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Taking Pictures for Deborah
Muffled cheers boil up as another wild turquoise wave curls and hammers some two dozen surfers. Joe snaps photos from his stony perch jutting high above the Orange County beach he passes each day on his way to see Deborah at the nursing home. A storm in the Pacific is the source of today’s breakers and Joe’s luck behind the lens of his digital 35mm camera.
If not for the surfers being knocked around like thumb-flicked marbles, Joe would be somewhere else. Anywhere that the retired teacher can lose an hour, a morning, a day framing light and shadow. Without bells, lesson plans or students to button his days, Joe wears time like a loose tee shirt, slipping in and out of its arms with little thought, except for the thick belt cinched around his waist – his wife, Deborah. His laughing Debbi, who puckered up and stretched into green air two years ago to plant a kiss on the Blarney Stone while he stood behind the lens taking photos of their dream vacation. His muttering Deb, who now lies curled in knotted sheets in the Alzheimer’s wing of the best facility he could find within an hour of their comfortable L.A. suburb.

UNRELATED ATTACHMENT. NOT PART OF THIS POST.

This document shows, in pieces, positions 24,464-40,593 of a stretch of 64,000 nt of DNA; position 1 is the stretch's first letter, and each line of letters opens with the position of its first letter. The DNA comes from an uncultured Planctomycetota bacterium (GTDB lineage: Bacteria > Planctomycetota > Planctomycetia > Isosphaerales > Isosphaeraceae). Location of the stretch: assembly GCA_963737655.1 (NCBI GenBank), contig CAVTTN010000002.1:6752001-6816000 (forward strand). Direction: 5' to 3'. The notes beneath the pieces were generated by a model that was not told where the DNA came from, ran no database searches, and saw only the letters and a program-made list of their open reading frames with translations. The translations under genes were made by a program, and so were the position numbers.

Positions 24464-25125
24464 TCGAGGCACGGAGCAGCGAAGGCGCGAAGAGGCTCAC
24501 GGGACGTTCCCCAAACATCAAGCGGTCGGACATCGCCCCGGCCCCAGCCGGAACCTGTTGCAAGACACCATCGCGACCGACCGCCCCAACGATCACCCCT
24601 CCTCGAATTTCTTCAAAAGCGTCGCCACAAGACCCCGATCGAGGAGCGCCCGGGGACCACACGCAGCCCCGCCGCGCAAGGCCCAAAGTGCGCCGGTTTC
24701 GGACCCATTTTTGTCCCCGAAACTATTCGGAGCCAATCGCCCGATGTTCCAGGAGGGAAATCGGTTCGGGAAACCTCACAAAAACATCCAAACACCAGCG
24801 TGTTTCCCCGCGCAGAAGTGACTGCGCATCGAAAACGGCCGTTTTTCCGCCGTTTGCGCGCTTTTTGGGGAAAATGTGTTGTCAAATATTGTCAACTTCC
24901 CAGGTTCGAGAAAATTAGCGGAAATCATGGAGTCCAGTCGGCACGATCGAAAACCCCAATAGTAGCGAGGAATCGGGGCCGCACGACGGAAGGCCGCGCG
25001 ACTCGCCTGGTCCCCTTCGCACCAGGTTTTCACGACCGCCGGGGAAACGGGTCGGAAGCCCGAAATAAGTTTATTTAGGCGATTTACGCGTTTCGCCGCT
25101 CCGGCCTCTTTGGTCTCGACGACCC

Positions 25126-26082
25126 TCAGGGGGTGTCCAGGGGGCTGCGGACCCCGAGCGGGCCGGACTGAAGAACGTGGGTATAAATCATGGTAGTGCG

Below, surfers’ heads pop like corks as they jockey for spots aboard the next big wave. Joe frames a close-up of one balding fellow with a long scar across his muscled calf and then plays with the angle of the rising sun. He spends part of each day with Deb, but it no longer matters if he’s there for breakfast or lunch or dinner. Her days, like his, have lost their composition. A year ago, with prompting, she could still frame their past, their daughters, their desire. This past Christmas she greeted him with a beatific smile as he entered the door: “Oh, it’s my Bobby, my handsome Bobby!” Robert Joseph. The stillborn son they buried on New Year’s Eve almost twenty years ago. These days she looks through him like a lens.
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